Thatching in Japan was used commonly for the roofs of traditional houses, temples and shrines. It adapted to the climate and nature of a region. Thatching adds to the variety and local characteristics of traditional houses and rural landscapes.
The material was not only for the roofing but it was also used as a precious plant resource, which supported the life in rural districts as manure or fodder for the sericultural and expands livestock industries. However, as modernization and urbanization increases, thatching is considered a past thing, and has been rapidly disappearing.
On the other hand, in recent year, traditional house with thatched roofs and the resulting rural landscapes have been revalued as an archetypal image in Japan. This should be retained as a local resource and a basis to advance village revitalization and community development.
In addition the livability of thatched roofs, which have both heat-insulating properties and air-permeability has been revalued. Thatching material is also given attention as a sustainable, recycleable plant resource that can be used instead of petroleum.
Today there are approximately 100.000 thatched buildings in Japan, which makes the country one of the bigger, talking about numbers of thatch. There are around 300 thatchers working to maintain and renew this cultural heritage.
In this context, the Japan Thatching Cultural Association (JTCA) has a proper understanding of the history, culture and skills involved in thatching. Through this association, we hope to understand and actively engage in the process of maintaining traditional houses with thatched roofs and the resulting rural landscapes.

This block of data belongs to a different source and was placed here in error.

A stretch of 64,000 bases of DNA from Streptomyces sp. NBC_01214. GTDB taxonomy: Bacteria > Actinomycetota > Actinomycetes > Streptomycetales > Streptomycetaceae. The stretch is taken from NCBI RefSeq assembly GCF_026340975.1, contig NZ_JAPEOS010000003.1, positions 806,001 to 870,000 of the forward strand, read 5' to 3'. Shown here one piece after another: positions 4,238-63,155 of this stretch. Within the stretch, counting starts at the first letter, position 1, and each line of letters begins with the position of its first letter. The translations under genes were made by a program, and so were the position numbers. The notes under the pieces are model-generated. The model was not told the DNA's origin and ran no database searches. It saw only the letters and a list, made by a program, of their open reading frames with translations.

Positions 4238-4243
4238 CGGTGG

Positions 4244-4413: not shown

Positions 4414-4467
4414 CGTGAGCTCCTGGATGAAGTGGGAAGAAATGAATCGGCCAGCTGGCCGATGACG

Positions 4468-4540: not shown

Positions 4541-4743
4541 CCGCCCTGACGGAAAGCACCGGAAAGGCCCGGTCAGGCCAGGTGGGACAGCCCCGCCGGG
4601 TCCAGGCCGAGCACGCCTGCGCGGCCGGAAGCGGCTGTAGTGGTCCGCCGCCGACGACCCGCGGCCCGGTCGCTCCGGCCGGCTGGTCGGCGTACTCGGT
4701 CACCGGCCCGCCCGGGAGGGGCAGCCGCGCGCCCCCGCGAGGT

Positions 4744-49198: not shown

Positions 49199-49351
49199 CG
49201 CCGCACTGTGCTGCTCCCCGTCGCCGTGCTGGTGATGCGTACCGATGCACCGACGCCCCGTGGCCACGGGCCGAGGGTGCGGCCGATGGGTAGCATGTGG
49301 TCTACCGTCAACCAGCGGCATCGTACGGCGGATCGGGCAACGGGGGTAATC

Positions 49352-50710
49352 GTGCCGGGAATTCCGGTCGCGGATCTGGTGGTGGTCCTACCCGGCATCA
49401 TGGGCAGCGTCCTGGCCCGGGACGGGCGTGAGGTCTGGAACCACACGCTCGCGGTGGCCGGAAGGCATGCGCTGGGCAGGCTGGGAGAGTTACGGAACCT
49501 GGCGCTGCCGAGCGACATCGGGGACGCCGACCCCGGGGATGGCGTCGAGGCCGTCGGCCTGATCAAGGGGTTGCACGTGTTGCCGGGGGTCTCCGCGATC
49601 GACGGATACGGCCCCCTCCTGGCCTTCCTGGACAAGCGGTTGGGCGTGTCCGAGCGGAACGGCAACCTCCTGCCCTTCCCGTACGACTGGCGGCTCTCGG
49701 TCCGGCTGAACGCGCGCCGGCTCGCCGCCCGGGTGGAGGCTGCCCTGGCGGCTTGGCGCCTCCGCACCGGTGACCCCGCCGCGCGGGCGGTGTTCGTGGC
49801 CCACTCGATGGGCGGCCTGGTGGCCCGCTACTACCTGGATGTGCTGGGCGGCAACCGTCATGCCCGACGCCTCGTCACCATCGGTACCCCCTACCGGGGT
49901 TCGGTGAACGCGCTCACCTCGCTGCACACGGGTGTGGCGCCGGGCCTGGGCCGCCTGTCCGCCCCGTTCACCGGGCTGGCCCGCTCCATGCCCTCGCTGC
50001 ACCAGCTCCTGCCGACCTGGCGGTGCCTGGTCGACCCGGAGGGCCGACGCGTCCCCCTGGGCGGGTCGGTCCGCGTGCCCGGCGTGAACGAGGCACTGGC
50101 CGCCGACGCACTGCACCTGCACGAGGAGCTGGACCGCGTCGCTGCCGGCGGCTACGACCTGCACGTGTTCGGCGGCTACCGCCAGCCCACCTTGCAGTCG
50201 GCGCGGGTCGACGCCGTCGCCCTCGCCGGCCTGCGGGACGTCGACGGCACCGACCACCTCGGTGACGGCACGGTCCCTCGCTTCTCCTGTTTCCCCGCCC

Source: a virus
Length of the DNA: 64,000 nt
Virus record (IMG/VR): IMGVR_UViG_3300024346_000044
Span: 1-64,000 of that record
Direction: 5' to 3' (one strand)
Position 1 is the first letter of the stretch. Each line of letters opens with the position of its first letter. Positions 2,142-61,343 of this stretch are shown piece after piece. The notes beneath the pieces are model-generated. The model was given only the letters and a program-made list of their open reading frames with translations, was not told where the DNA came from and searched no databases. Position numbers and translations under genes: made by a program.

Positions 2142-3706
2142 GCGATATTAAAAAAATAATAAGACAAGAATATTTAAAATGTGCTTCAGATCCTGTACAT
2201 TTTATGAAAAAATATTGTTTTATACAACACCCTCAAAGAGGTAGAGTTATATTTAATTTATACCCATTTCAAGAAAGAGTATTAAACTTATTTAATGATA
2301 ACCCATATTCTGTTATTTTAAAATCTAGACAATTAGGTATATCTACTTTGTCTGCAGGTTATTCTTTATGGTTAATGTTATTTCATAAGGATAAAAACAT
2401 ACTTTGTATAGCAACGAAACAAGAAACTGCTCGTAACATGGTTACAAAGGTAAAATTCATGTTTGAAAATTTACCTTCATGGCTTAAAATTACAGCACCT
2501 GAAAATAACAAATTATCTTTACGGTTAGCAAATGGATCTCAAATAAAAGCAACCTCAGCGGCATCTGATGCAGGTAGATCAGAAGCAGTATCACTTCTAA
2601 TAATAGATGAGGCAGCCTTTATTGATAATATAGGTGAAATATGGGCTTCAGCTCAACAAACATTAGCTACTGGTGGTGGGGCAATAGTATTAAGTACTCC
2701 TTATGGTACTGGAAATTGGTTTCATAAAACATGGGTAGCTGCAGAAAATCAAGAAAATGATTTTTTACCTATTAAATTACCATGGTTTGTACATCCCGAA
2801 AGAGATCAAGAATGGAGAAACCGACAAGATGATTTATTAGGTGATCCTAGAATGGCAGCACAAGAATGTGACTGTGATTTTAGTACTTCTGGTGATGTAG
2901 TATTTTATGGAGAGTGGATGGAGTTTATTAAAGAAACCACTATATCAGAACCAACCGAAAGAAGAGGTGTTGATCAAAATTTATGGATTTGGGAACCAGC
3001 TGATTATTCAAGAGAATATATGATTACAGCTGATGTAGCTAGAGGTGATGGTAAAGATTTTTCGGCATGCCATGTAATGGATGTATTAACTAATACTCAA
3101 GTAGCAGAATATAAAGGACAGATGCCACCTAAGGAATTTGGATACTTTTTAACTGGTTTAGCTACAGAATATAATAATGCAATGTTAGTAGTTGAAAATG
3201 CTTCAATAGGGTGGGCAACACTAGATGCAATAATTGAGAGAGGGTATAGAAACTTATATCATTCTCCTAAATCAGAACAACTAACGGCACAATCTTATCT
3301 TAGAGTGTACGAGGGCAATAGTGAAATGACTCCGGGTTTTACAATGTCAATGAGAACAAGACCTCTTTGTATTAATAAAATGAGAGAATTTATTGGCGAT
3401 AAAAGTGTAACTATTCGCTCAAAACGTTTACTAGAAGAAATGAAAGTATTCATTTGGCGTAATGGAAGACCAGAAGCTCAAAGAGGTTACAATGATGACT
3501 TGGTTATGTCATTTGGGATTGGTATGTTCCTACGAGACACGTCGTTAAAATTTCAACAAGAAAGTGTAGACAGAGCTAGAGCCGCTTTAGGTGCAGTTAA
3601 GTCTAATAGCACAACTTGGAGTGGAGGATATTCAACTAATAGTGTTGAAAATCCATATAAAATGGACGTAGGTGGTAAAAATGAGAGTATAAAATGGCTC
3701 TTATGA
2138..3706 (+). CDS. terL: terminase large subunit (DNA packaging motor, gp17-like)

We hope to share the information in order to plan the succession and promotion of the culture and skills involved in thatching.
Japanese thatchers mainly use eulalia and water reed to thatch with. They also use rice straw, wheat straw ,bamboo grass and cedar bark as thatching materials. All of these materials have been chosen because they can adapt to the specific climate and nature.
JTCA members consist of thatchers, material producers, architects, researchers, owners of thatched roof, photographers, painters, artists, local government, NPOs, foundations, private companies, etc.
More information about JTCA